Saturday, April 30, 2011
The People's Toffs
Royal Wedding 1 by Pants (Acrylic on canvas)
As expected, the royal wedding has rehashed all the usual gaping anomalies and circular arguments about the monarchy; its place and function. The royals are a fissure in modern, multicultural Britain, reminding everyone that the endless talk of 'striving for equality' is utterly pointless as long as they remain enthroned.
Here in Australia, we have a slightly different take on the whole confusing business. The British Queen is still head of state of this country - arguably an even more pointless situation in an independent nation. But, as no one has ever been able to come up with a workable alternative, we confine ourselves to exploring the question of whether or not the royals are 'relevant'. Well, of course they're relevant, in the same way that religion is relevant. Their relevance is sustained by their seemingly unassailable ubiquity. And at least we're not struggling to prove their existence. I have personally pressed flesh with more of them than is strictly hygienic so I can vouch for that much. They are a mighty and entrenched construct that no one has the stomach for dismantling, no matter how just-plain-wrong we might find the present situation.
Since I am not daft enough to spend the day chasing my tail in order to discover that it is still there, I'll get straight to the point. ('That would be a first', says Barney, a staunch royalist). My proposal is that the current monarchy be replaced with Pearly Kings and Queens, at least as a transitional mechanism until we figure out why it is that a free and liberal people requires the illusion of servitude to maintain civil society.
Pearlies embody all the fine qualities that are considered positives in a royal family. They work for charity and perform a ceremonial function, but without requiring silos full of readies to keep them in beer and skittles. They get about in black cabs and generally have just the one suit of clothes that they've designed and sewn themselves. There is still the problem of heredity as Pearly titles are handed down through families in more-or-less the same fashion as occurs within the nobility. And it is a strictly London-based monoculture. But there's no reason they can't expand ethnically and geographically, certainly not one that would require an Act of Parliament, anyway.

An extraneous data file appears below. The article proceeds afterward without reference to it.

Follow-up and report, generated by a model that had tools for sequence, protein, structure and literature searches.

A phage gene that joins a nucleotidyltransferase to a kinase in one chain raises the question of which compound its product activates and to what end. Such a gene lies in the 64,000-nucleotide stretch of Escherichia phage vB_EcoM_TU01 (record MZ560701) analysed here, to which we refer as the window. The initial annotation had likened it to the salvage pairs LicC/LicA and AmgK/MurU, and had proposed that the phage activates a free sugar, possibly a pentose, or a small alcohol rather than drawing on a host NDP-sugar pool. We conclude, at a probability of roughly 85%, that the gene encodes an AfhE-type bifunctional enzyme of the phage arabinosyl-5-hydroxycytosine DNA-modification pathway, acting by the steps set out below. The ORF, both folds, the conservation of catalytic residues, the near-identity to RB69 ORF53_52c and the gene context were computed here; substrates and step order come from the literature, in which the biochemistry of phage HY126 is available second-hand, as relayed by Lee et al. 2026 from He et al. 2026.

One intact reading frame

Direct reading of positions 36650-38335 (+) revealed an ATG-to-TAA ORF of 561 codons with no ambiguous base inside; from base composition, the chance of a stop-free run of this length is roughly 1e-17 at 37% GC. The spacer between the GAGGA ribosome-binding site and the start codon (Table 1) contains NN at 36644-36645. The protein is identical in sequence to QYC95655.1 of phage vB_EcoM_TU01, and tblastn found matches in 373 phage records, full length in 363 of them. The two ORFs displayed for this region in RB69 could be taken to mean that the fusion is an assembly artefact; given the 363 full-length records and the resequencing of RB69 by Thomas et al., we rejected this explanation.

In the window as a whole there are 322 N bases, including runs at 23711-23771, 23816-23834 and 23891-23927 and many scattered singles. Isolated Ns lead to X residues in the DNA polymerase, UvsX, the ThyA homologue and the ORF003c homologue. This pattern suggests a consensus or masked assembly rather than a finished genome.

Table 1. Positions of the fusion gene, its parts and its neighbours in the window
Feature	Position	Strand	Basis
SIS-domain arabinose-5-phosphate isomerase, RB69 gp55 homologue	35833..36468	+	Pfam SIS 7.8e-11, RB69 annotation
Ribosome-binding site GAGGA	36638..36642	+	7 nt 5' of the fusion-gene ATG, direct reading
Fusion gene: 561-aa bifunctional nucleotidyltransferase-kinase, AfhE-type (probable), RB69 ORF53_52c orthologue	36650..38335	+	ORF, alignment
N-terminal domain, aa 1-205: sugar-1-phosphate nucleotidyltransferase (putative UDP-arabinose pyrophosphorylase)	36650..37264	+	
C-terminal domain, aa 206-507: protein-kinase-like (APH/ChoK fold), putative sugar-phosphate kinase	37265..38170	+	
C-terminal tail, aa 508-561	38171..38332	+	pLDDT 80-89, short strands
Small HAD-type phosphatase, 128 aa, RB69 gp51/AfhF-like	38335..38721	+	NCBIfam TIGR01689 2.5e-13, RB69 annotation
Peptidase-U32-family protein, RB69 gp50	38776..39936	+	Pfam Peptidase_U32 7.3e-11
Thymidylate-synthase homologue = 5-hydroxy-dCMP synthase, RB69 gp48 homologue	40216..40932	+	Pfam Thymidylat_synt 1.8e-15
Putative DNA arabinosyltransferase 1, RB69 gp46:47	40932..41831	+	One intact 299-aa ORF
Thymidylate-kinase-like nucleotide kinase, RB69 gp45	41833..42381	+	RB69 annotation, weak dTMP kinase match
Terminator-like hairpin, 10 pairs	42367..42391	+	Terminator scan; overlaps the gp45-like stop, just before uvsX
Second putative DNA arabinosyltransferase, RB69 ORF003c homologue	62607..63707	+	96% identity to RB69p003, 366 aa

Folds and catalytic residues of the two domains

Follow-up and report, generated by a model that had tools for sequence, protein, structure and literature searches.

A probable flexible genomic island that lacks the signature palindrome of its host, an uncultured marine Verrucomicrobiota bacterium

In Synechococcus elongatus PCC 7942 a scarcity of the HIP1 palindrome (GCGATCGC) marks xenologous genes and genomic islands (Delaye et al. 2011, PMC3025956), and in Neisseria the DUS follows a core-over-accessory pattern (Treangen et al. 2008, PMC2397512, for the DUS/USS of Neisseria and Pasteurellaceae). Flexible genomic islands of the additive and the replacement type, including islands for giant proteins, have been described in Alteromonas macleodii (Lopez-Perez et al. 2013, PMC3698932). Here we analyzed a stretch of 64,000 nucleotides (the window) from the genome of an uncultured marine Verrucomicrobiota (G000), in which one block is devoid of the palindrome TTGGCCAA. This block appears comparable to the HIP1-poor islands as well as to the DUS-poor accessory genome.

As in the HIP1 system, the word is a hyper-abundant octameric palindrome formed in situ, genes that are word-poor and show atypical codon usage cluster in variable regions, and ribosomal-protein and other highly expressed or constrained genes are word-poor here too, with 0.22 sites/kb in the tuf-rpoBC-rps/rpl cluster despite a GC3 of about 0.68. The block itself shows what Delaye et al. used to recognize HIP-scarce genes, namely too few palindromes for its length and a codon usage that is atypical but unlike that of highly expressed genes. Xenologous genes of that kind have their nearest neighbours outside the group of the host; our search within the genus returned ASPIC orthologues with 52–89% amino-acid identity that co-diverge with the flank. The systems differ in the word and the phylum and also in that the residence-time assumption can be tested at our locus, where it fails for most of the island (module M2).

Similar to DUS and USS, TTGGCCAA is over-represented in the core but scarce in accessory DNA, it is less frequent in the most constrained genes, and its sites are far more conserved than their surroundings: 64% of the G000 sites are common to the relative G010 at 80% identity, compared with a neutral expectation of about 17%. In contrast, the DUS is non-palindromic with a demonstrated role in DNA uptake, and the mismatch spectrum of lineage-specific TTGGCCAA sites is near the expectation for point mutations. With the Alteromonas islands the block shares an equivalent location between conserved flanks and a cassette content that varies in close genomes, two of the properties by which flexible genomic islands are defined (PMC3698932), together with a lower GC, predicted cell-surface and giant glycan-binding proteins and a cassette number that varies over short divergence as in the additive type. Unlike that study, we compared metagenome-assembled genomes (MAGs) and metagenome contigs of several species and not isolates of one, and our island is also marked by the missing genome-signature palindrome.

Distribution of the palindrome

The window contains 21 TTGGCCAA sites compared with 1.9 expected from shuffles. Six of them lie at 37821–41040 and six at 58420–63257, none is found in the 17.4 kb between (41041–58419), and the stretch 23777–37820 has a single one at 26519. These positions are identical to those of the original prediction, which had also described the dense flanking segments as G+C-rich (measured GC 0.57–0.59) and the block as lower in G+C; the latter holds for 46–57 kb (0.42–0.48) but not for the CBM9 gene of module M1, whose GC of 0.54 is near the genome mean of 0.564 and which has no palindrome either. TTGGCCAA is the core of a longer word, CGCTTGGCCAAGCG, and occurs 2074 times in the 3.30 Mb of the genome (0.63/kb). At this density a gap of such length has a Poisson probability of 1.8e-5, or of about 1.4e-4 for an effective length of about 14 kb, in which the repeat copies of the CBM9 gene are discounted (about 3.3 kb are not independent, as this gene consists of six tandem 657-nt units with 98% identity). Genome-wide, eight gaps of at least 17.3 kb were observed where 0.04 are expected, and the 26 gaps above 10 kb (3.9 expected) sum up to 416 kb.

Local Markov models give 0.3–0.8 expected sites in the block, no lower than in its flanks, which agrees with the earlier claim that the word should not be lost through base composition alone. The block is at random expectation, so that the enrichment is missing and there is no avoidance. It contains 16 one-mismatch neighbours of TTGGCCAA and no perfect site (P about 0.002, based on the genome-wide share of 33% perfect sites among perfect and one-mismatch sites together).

There are all sorts of practical problems involved in dispensing with the royal family, not the least of which is what to do with all those fine palaces and cathedrals. My solution is that the Pearlies could turn all the regional estates into holiday camps and take turns at caretaking Buck House and the Windsor Gaff. The Tower of London would make an excellent indoor/outdoor adventure centre. Just think of how much fun could be had bungee jumping from those towers and the internal walls are just crying out to be defaced by climbing spurs.
The royal parks could be divided up into allotments dedicated to the growing of austerity-busting, obesity-melting Swiss chard and curly kale. And the jewels - can you imagine the Koh-i-Noor diamond adorning a fine flat cap? What a picture that would be. I would keep the garden parties but I would add a jumble sale and a tombola. A plate of egg sandwiches can only be enhanced by the addition of a bit of a rummage in other people's cast offs and a wager on a bottle of Babycham. The cathedrals would make excellent music halls. Just think of how glorious Jerusalem would sound played on spoons.
Instead of having just the one king and queen, they could take turns. One week it's Crystal Palace's turn and the next it's New Cross and Old Kent Road, and after that, Isle of Dogs. They could get professional cockney Barbara Windsor to draw the lots, sort of keep it in the family. And instead of flying the Royal Standard, they could just hoist up a nice cheery kerchief. And there could be a rash of new Royal Patents - F. Cooke's eel and pie shop, Truman's Brewery and Fags 'n Fings could get lovely 'by appointment to their multifarious majesties' signs put up. It would be a boon to London's economy and a tourist magnet, especially the stewed eels with pie and mash - yum! They'd certainly put dull old cucumber sarnies in the shade.
Problems may arise with rotating Pearly royalty if they were called upon to visit Australia though. They may be mistaken for asylum seekers and dispatched to a remote island for 'processing', which, in this country, means a very long unscheduled holiday in a place that wouldn't be your first choice. No amount of claiming to be 'on state business' would wash there, I can tell you. Customs officers have lost count of the number of times they've heard that one and that other hoary old porkie about being 'at risk of death or persecution'. It's a lucky thing that the Britannia has been decommissioned. I wouldn't advise anyone to try to come here by boat.
So, who's on board with this fabulous compromise? Let's seal it with a song. Just watch the bouncing ball.
My old man said follow the van, and don't shilly-shally on the way, pom, pom, pom...